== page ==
It was inevitable. MVPs have privately voiced concerns to Microsoft about the quality of patches coming out of Sustained Engineering. That feedback went somewhere up the chain and out the back door.
Then after many months and the July 2013 disasters, some of us decided to talk about it publicly on social media. Some Microsoft people in Redmond agree with our concerns, expressing embarrassment that their hard work is being diminished by a laughable resource planning policy decision. Once again, no notable changes to the CA-style “testing”.
“On behalf of everyone in this community, may I respectfully request that you assign someone in a management position to investigate what is going on with quality control with patch testing lately?” Bradley asked Ballmer.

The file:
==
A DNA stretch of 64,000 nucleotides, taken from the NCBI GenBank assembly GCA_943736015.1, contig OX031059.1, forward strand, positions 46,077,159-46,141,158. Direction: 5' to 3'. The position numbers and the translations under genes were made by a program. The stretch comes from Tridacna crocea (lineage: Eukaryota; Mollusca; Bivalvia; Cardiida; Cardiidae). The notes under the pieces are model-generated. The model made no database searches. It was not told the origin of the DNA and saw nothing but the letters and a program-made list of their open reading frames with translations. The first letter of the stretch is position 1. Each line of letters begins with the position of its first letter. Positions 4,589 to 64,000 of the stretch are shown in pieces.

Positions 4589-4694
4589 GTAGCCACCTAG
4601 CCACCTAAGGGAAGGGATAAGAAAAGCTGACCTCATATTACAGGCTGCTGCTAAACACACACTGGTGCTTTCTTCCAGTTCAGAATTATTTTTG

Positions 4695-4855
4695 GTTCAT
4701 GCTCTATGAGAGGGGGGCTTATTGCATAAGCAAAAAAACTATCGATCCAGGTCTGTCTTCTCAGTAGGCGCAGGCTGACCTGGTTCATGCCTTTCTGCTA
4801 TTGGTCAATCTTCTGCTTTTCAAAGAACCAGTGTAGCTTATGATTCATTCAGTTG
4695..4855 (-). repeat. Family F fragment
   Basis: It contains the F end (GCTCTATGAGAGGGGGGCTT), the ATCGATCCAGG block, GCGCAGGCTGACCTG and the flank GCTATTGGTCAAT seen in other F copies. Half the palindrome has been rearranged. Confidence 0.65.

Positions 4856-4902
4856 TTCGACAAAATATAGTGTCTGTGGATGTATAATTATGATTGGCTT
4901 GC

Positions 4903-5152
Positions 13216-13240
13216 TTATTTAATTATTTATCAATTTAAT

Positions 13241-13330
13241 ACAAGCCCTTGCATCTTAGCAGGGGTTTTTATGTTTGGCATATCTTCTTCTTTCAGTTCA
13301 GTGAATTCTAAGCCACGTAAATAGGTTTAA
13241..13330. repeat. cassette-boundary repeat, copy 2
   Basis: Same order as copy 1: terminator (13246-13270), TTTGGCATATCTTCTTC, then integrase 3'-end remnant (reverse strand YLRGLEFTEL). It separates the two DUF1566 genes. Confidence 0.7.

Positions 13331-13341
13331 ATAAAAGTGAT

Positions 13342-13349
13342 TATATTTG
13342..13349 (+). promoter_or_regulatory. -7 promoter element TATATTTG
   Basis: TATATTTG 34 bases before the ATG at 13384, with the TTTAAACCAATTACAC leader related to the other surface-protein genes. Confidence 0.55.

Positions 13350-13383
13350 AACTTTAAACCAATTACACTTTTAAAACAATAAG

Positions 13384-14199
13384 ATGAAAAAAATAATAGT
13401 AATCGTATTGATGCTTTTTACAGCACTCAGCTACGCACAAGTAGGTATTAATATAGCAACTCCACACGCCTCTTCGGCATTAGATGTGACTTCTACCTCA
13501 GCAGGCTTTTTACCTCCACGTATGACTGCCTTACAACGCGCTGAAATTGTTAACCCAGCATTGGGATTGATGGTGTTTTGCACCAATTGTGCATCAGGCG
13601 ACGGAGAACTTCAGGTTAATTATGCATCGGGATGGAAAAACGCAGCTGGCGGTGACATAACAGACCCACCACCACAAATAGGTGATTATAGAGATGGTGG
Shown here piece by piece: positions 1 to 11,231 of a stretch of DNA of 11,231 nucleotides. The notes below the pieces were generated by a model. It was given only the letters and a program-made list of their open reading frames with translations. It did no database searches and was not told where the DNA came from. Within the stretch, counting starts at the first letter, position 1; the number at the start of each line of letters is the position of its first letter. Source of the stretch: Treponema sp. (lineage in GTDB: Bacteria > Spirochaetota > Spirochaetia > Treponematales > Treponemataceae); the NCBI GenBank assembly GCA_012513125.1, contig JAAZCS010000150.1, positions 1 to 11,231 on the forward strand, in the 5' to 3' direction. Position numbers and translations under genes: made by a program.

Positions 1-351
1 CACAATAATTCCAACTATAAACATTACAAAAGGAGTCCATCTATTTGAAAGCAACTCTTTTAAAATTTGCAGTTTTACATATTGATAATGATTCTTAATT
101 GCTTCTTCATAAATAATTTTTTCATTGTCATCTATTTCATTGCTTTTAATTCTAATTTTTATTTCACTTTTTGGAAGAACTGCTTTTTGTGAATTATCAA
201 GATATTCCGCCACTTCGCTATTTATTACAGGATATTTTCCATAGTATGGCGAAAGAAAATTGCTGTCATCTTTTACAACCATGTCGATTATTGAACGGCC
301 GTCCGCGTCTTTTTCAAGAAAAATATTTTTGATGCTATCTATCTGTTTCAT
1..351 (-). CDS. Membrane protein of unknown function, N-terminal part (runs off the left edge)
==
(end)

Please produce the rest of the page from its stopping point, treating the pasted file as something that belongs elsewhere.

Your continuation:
A certain negative response from a few Microsoft people to Susan’s letter is reported in the article. I do recognise that experience.
I’m glad this has gone “main stream” and been picked up by the media. To be honest, I think we have to embarrass whatever executive is responsible for this mess into making a much-needed change.
Mary Jo Foley just pinged me on Twitter to let me know that Larry Seltzer had previously posted a similar story on ZDnet. And don’t forget that myself and Hans Vredevoort also raised issues in Windows Server and System Center in July. To be honest, I think there’s a mindset with the power-that-is that will only increase the cost of testing if sales are hit. The power to make a change is in your hands.
And Rod Trent also posted a story on this problem on Windows IT Pro.
Add Redmond Magazine to the list.